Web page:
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Beatrice's Goat by Page McBrier
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Beatrice's Goat (edition 2004)

by Page McBrier, Lori Lohstoeter (Illustrator)

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6702121,348 (4.19)6
Member:CUUBrighton
Title:Beatrice's Goat
Authors:Page McBrier
Other authors:Lori Lohstoeter (Illustrator)
Info:Aladdin (2004), Edition: Reprint, Paperback, 40 pages
Collections:Your library
Rating:
Tags:multicultural, Uganda, Africa, diversity, Sun Bear Room, Heifer book, Social Justice, UU Principle, Principle 6, Principle 1, Red, Violet, Each person is important, Build a fair and peaceful world

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Beatrice's Goat by Page McBrier

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» See also 6 mentions

Showing 1-5 of 21 (next | show all)
This book is the story of a young girl who longs to go to school but she is unable to because her family cannot afford it. When a goat gets donated to the family and it is the young girls job to take care of it. Finally, by selling the goat's milk, the little girl makes enough money to send her to school and she is happy.
  cbrunner16 | Mar 19, 2018 |
Summary- Real life events of Beatrice and how she was able to go to school. This was with the help of her pet goat that she used to help her make enough money to buy the things needed for her to go.

Critique of Genre- Biography, real life event of Beatrice's hard time growing up.

Age- Could work for all ages but i would choose 3rd to about 5th grade.

Media- Pencils and watercolor. ( )
  DRhodes02 | Apr 19, 2017 |
This book is about Beatrice and how her family was unable to afford school. Due to her circumstances in her country, each family in poverty had to wait for a family goat in order to produce income. The goat's milk would become a strategy to. earn money so that she could go to school. Beatrice became successful her funding and finally gained the opportunity to attend school like the rest of the kids in her village. ( )
  ChantorriG | Apr 11, 2017 |
Genre: Realistic Fiction
Age: Primary
Media: Acrylic paint?
Review/ Critique: Beatrice lives in Uganda and wants to go to school. Some philanthropists give her family a goat. That goat has babies and they start milking the goat. They save enough money that she can go to school. This is a realistic fiction because these events really could happen and the author tries to make an accurate portrayal of the life of this girl in Uganda. This book is actually extremely realistic because it was made by an organization who gives livestock to families to help them get a foot-up. ( )
  kwilson14 | Mar 20, 2017 |
This book was all the rage with elementary teachers when it first came out. In the story, an aid organization donates a goat to a poor African family, which leads to prosperity and a better life for all. It would be wonderful if development were really as simple as a few inexpensive gifts from donors and a willingness on the part of the poor to work hard and be thrifty. But this book oversimplifies people's real problems and suffering to the point of inanity. Beautiful illustrations though. Maybe cover up the text? ( )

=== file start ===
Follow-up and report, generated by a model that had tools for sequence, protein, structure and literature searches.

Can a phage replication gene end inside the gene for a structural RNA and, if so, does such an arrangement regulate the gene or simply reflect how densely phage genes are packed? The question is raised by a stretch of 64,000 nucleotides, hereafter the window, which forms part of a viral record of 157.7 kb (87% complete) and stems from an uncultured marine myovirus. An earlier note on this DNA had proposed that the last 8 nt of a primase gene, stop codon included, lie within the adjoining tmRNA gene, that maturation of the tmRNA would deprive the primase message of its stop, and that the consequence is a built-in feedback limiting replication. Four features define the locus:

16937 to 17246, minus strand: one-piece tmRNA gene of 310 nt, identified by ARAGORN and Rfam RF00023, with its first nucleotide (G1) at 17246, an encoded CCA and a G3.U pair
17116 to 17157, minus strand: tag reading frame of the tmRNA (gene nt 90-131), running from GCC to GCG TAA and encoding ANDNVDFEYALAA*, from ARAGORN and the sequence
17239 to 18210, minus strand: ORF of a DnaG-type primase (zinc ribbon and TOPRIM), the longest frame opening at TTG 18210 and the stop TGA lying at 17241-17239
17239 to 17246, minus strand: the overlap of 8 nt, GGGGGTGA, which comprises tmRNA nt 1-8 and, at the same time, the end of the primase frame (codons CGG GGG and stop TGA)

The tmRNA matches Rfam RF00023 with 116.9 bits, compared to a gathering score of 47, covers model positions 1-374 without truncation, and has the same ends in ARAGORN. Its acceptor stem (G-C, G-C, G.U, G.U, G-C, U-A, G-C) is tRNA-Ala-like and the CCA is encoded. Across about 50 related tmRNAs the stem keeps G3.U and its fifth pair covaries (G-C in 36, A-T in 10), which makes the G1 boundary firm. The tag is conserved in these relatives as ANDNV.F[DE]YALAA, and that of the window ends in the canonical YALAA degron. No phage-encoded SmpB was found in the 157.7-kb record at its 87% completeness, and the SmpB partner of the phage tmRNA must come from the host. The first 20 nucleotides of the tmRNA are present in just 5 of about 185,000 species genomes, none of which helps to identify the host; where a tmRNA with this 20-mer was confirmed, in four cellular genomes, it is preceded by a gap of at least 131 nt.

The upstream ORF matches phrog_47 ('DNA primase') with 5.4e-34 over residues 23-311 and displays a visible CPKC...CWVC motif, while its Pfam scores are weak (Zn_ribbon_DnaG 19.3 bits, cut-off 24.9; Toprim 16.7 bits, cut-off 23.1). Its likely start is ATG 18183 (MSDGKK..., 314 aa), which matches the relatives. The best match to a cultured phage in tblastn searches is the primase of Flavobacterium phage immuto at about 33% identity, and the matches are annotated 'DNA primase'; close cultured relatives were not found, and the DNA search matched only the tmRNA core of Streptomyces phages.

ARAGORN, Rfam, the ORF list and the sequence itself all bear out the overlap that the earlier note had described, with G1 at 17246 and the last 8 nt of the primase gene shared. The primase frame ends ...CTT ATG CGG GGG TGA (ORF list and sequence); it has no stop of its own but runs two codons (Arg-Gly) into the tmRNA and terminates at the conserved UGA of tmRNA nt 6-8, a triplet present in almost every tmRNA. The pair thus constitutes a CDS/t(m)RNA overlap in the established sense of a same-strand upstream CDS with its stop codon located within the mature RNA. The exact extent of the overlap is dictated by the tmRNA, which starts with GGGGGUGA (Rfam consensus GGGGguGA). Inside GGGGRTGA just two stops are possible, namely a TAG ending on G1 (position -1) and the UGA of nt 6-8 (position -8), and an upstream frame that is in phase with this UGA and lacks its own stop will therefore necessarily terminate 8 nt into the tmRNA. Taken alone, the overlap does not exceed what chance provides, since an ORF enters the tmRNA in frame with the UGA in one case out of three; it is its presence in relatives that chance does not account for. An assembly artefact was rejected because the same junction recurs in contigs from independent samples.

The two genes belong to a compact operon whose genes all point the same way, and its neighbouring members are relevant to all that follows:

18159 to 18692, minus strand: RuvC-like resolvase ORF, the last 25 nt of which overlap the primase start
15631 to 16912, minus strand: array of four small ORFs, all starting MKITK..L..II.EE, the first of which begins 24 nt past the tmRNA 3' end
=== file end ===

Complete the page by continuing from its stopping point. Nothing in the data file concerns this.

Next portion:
kaitanya64 | Jan 3, 2017 |
Showing 1-5 of 21 (next | show all)
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» Add other authors (1 possible)

Author nameRoleType of authorWork?Status
Page McBrierprimary authorall editionscalculated
Clinton, Hillary RodhamAfterwordsecondary authorall editionsconfirmed
Lohstoeter, LoriIllustratorsecondary authorall editionsconfirmed
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Amazon.com Amazon.com Review (ISBN 0689869908, Paperback)

When her family's fat, sleek new goat arrives in her poor Ugandan village, little Beatrice hugs her close and whispers, "Mama says you are our lucky gift...." And indeed it is true. Soon the goat bears two kids and provides enough milk to both feed the family and sell for profit. Until the goat arrived, life was very hard for Beatrice and her five brothers and sisters. The family could not afford to send the children to school, and it was difficult to make ends meet. Magically this one small animal, one of 12 given the village, opens up a new world of health and prosperity. Before the year is out, Beatrice happily realizes her dream of becoming a school girl and her delighted family moves into a sturdy new house.

Based on the true account of one family who received aid from Heifer Project International, a charitable organization that donates livestock to poor communities around the world, this moving story is eloquently and gracefully recounted. Vividly evoking the lush tropical landscape of central Africa, Lohstoeter's rich, deeply-hued illustrations perfectly complement the text and make Beatrice and her world affectingly real. Although she may live far removed from the comfortable middle-class lives of many young readers, it is clear that Beatrice is a girl of unusual heart and, like any child, filled with hopes and dreams. In her afterword Hillary Rodham Clinton writes, "Beatrice's Goat is a heartwarming reminder that families, wherever they live, can change their lives for the better." A portion of the publisher's proceeds goes to support the Heifer Project. (Ages 4 to 8) --Marianne Painter

(retrieved from Amazon Thu, 12 Mar 2015 18:25:19 -0400)

(see all 2 descriptions)

A young girl's dream of attending school in her small Ugandan village is fulfilled after her family is given an income-producing goat. Based on a true story about the work of Project Heifer.

(summary from another edition)

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